This weekend, I came across a recommendation for the book Authority, Accountability, and the Apostolic Movement by Stephen Crosby. This is the description on Amazon:
There is a new apostolic movement afoot, and it is leading many from the simplicity of the pure gospel. To be legitimate, the teaching emphasis and ministry expression of present-day apostles and prophets must reflect a correct gospel foundation: . the person and work of Christ as its focus, . spiritual death and resurrection as its method, . and the indwelling Spirit as its power. Instead, the new apostolic reformation movement, with its emphasis on apostolic authority, “spiritual covering,” loyalty, honor, submission, and government, has become the vehicle to build the philosophies and kingdoms of men. Dr. Stephen Crosby’s third book, Authority, Accountability, and the Apostolic Movement, probes these and other authority/submission issues from a biblically disciplined, Christ-centered, New Covenant perspective. Within these pages, every believer, church leader, apostle, or prophet who may have wandered from the simplicity of the gospel can find the road to recovery. Oh, where was this book when I was in seminary!? As the fourth in a spiritual lineage of shipwrecked preachers, I can testify to the life-threatening impact brought on by the stress of living under a faulty understanding of authority and control in the church. I have one thing to say about this book: better late than never! This book is a must read for all Christians. -Pastor Chris Savino, Wasilla, AK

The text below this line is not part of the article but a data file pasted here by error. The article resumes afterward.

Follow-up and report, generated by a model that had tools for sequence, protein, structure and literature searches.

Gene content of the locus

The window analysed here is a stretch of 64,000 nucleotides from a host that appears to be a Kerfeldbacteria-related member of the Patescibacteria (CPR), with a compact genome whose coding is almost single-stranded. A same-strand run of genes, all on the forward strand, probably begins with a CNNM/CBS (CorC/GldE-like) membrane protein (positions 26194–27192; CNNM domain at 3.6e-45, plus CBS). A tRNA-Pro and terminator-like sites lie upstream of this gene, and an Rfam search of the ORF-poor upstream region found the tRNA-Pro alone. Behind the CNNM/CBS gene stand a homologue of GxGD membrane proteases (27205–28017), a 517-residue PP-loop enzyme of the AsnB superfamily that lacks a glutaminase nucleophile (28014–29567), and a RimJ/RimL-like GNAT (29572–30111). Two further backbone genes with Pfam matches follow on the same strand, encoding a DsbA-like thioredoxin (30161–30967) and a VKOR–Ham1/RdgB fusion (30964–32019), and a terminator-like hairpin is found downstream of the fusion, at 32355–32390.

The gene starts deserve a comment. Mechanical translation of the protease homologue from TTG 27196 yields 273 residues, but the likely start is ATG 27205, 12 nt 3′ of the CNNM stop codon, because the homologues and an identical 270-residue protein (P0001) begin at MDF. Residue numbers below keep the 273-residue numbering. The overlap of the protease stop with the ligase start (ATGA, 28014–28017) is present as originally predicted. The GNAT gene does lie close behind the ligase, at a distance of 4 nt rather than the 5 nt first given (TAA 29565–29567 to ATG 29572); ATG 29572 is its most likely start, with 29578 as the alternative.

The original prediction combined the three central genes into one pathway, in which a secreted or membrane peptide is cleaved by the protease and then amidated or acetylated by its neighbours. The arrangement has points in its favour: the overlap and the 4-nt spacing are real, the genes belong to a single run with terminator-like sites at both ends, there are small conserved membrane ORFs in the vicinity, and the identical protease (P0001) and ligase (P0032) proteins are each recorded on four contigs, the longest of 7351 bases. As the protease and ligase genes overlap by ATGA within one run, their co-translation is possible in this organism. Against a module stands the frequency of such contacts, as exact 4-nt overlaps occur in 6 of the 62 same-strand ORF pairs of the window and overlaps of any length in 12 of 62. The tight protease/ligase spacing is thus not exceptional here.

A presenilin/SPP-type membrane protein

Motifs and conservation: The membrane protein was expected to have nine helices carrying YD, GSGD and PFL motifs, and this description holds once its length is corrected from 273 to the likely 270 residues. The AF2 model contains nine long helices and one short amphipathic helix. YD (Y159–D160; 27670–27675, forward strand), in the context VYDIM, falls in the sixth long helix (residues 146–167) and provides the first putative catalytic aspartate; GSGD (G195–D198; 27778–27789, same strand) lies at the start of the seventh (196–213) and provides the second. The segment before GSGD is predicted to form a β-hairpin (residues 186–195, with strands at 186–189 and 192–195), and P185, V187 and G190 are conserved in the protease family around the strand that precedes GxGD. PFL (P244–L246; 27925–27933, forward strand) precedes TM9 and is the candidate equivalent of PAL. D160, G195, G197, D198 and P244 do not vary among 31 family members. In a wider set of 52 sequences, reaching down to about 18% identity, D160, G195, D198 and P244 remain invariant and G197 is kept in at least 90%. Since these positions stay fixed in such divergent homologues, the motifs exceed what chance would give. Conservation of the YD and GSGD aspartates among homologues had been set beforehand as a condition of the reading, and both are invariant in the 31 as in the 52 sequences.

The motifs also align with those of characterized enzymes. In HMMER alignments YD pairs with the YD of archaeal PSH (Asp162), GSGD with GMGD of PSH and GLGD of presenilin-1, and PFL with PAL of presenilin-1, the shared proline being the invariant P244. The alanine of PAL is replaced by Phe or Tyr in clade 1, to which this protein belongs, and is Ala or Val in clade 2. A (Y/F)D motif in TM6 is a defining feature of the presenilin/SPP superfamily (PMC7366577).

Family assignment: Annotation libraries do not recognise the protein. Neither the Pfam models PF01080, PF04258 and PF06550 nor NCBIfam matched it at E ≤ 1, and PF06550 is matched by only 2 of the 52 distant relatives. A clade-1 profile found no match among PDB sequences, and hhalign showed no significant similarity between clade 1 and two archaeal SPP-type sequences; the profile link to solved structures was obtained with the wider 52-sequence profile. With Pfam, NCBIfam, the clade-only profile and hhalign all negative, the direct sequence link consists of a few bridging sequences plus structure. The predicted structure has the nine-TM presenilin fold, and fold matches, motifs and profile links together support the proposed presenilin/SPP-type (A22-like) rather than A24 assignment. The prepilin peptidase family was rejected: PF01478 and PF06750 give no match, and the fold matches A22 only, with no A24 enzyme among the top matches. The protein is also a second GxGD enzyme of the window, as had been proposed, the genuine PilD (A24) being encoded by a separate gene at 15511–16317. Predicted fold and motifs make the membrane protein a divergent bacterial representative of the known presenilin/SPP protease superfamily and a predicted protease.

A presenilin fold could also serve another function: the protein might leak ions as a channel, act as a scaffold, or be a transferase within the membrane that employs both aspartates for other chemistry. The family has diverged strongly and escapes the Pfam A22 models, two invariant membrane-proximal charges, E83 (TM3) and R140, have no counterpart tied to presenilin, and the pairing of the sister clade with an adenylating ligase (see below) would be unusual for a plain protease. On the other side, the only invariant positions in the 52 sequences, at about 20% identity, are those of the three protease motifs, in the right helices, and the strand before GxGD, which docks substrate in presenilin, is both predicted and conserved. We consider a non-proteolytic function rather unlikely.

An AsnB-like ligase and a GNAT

Here is an excerpt from the book, (HT: Simple Church Journal):
The themes of honor and submission to authority are, of course, legitimate. They are in Godâ€™s Word. However, they are subordinate themes. When presented in a priority and hierarchical way of obligation, rather than the mutuality found in the â€œone-anothersâ€ of Scripture, and if void of a death and resurrection spirit, empty of love and service, they become hopelessly contaminated and betray the Spirit of Christâ€¦When these subthemes are emphasized, a church environment can become like a spiritual plantation where the apostle is the master and production overseer of the plantation and subordinates are the slaves, not sons.
Unfortunately, our library does not have this book. Has anyone read it, or does anyone know anything about it?